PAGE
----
• GraceAdams830

    I am glad to hear that this has come down to $10/unit.  I thought it was about $30/unit.

  • Birchmore

    My ancient hall clock uses the same gravity-power technology. The key to a good light, of course, would be an efficient little geared generator + a good battery to power the motor needed to lift the weight back up every 30 minutes or, if you hung it on a really high skyhook, every few hours.

  • Rob

    These are designed for no-energy living situations (couldn't charge the battery).  If you're assuming the weight were able to charge the battery, what you're describing would be a perpetual motion machine.  In reality, it would require more energy to lift the bag than you'd get back do to energy loss.  It would be more efficient to funnel the energy directly into the light instead of lifting the bag.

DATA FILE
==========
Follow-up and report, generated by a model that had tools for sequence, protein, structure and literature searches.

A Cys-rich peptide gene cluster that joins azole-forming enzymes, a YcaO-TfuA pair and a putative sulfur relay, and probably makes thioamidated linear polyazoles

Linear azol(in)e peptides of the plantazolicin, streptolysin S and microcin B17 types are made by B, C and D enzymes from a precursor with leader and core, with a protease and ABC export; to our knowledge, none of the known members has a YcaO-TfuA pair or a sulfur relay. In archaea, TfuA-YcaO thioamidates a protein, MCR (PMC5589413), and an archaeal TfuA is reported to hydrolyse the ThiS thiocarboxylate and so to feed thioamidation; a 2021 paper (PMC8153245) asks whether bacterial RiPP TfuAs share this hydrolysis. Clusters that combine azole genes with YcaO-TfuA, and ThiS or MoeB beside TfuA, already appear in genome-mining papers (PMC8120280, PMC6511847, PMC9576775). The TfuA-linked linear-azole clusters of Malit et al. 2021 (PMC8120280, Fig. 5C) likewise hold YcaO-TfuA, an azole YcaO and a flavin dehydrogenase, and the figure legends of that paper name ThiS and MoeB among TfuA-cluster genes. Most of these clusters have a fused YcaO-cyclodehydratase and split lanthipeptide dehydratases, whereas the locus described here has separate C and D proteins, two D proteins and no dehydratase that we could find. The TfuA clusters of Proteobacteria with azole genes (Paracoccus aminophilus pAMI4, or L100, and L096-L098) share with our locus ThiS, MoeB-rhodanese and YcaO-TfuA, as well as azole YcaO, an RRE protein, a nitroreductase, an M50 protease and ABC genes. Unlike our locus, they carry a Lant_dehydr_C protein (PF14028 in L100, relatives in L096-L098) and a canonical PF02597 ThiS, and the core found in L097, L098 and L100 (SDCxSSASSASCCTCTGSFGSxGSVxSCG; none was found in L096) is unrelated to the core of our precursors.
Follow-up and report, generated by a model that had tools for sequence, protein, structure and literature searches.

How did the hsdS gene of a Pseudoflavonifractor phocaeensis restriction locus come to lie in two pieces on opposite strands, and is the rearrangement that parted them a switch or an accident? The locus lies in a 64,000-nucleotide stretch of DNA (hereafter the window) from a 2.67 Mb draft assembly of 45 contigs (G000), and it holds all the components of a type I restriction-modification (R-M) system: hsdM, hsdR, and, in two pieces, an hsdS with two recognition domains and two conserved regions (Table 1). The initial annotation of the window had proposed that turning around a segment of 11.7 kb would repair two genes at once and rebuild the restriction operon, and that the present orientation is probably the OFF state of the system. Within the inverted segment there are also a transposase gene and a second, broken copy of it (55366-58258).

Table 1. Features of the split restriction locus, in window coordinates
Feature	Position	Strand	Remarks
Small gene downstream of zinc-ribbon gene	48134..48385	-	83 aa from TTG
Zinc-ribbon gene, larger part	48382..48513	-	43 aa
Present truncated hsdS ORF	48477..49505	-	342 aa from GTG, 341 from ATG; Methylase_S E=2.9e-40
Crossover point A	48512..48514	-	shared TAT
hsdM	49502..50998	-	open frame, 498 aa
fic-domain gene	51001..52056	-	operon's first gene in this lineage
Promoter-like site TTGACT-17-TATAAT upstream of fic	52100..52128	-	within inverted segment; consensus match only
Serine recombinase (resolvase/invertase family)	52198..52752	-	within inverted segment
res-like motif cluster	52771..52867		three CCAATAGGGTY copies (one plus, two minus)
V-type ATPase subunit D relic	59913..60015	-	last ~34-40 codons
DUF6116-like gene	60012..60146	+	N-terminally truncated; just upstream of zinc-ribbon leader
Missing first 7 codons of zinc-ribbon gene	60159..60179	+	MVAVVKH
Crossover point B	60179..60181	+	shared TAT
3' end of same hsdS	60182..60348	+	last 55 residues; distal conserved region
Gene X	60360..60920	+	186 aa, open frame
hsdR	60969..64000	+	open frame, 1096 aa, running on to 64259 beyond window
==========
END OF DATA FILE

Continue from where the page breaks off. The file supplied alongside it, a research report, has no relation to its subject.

• Rwerthamer

    The energy of a gravitational
    weight as storage for electrical power is full of potential (pun

    Almost any other energy source
    can provide the work of increasing the energy by lifting the weight.

  • marcdepiolenc

    Maybe I'm just stating the obvious, but gravity is NOT the fuel! The fuel is the food eaten by the long-suffering illuminator who cranks the sandbag up every half-hour. Better than nothing, I suppose - I might even like one of these to read by during our numerous power outages.

  • Sima Wieber

    Yeah and so are electric lamps, their powered by the food that the long-suffering illuminator who plugs in the light.  

  • Djika58

    Mwen panse msie gen rezon pase y'ap plede fe yon pil tiplas piblik toupatou yo t a dwe panse ak rout yo.

  • patrick mccarthy

    sad, in my lifetime still no real power plants in "your third world"  -- they should have real infrastructure by now but, no, instead we give them this crap..

    and if you disagree with me, fine.  Please lift your chair over your head every few hours every day in support of this madness...

  • Donald Coughlin